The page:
Magical propensities for physical strength and endurance. Worn to bring success to business or to rid the home of negative thoughts against you. Carry when dealing with negative vibrations of any kind.
An evergreen, parasitic shrub growing on apple, lime, poplar, maple, hawthorn and rowan trees; in spring inconspicuous yellow flowers are followed by poisonous, sticky white berries.
The Pharoadendron species contains a toxin called phoratoxin, which can cause blurred vision, nausea, abdominal pain, diarrhoea, blood pressure changes, and even death. The Viscum species of mistletoe contains a slightly different cocktail of chemicals, including the poisonous alkaloid tyramine, which produces essentially the same symptoms. Although mistletoe has therapeutic uses, eating any part of the plant (particularly the leaves or berries) or drinking a tea from the plant can result in sickness and possibly death.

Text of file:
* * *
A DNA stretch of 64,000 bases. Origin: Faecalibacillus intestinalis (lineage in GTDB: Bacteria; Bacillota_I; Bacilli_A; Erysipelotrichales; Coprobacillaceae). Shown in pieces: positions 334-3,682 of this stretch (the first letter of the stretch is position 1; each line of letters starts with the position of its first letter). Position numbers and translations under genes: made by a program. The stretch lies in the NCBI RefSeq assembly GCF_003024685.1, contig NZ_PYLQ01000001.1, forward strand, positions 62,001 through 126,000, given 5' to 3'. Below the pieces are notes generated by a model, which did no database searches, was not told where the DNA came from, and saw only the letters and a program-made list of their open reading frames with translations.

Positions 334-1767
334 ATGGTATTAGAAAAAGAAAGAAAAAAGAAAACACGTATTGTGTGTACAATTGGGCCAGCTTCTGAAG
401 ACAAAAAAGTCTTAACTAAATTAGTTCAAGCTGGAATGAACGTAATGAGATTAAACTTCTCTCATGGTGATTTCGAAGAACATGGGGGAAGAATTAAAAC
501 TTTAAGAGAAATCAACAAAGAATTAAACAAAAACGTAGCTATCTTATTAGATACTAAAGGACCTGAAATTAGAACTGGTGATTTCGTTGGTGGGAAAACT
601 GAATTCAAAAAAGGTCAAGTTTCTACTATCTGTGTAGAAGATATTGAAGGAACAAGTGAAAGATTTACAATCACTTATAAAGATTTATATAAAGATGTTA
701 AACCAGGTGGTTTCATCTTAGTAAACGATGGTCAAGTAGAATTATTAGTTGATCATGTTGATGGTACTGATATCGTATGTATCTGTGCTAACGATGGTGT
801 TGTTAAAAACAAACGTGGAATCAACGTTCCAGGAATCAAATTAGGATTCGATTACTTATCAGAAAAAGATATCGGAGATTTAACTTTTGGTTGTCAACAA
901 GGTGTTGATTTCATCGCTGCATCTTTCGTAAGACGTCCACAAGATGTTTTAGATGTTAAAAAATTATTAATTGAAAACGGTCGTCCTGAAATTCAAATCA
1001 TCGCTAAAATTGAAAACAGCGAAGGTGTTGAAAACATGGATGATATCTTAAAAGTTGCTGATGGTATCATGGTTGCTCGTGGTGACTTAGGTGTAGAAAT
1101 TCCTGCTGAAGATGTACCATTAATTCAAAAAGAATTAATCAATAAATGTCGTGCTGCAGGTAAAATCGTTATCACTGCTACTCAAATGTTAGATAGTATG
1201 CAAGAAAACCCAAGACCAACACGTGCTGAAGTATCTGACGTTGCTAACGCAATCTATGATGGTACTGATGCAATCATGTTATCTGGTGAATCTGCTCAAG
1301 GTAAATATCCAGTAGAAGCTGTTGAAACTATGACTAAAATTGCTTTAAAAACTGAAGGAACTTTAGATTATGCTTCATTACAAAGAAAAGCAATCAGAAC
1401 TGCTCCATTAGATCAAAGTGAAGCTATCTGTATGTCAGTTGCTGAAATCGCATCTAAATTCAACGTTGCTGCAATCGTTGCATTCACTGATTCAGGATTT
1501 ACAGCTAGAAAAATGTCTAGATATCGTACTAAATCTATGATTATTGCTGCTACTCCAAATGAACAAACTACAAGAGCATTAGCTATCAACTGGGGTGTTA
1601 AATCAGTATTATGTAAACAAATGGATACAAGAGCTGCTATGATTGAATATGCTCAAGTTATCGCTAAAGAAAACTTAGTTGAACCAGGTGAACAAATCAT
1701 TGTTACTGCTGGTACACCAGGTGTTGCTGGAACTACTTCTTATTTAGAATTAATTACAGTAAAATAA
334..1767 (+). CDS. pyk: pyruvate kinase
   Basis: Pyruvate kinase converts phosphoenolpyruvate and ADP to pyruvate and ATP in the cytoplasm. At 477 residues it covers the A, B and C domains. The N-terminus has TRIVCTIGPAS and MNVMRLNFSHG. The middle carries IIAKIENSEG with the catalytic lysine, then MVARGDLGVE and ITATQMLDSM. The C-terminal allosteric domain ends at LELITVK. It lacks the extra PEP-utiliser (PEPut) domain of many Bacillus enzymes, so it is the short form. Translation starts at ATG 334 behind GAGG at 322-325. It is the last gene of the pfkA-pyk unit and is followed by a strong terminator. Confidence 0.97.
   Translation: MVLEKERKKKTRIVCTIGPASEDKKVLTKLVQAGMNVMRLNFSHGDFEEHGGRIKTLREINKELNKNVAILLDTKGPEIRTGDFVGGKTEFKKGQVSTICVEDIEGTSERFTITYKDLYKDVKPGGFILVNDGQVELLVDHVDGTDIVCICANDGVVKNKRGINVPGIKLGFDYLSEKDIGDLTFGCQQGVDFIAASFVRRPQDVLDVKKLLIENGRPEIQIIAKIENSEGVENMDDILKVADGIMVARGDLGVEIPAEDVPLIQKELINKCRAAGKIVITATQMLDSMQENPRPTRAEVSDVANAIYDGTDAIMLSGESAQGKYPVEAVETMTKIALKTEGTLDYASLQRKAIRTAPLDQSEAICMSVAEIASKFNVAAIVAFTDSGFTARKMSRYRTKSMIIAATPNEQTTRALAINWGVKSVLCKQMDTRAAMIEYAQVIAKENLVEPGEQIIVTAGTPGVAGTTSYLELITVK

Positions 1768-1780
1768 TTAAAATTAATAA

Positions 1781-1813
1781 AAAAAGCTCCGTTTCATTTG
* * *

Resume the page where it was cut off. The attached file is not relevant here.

Magical propensities for fertility; creativity; prevention of illness/misfortune; wear in an amulet to repel negativity and ill will; protect against unwanted advances. Use to draw in customers, money and business.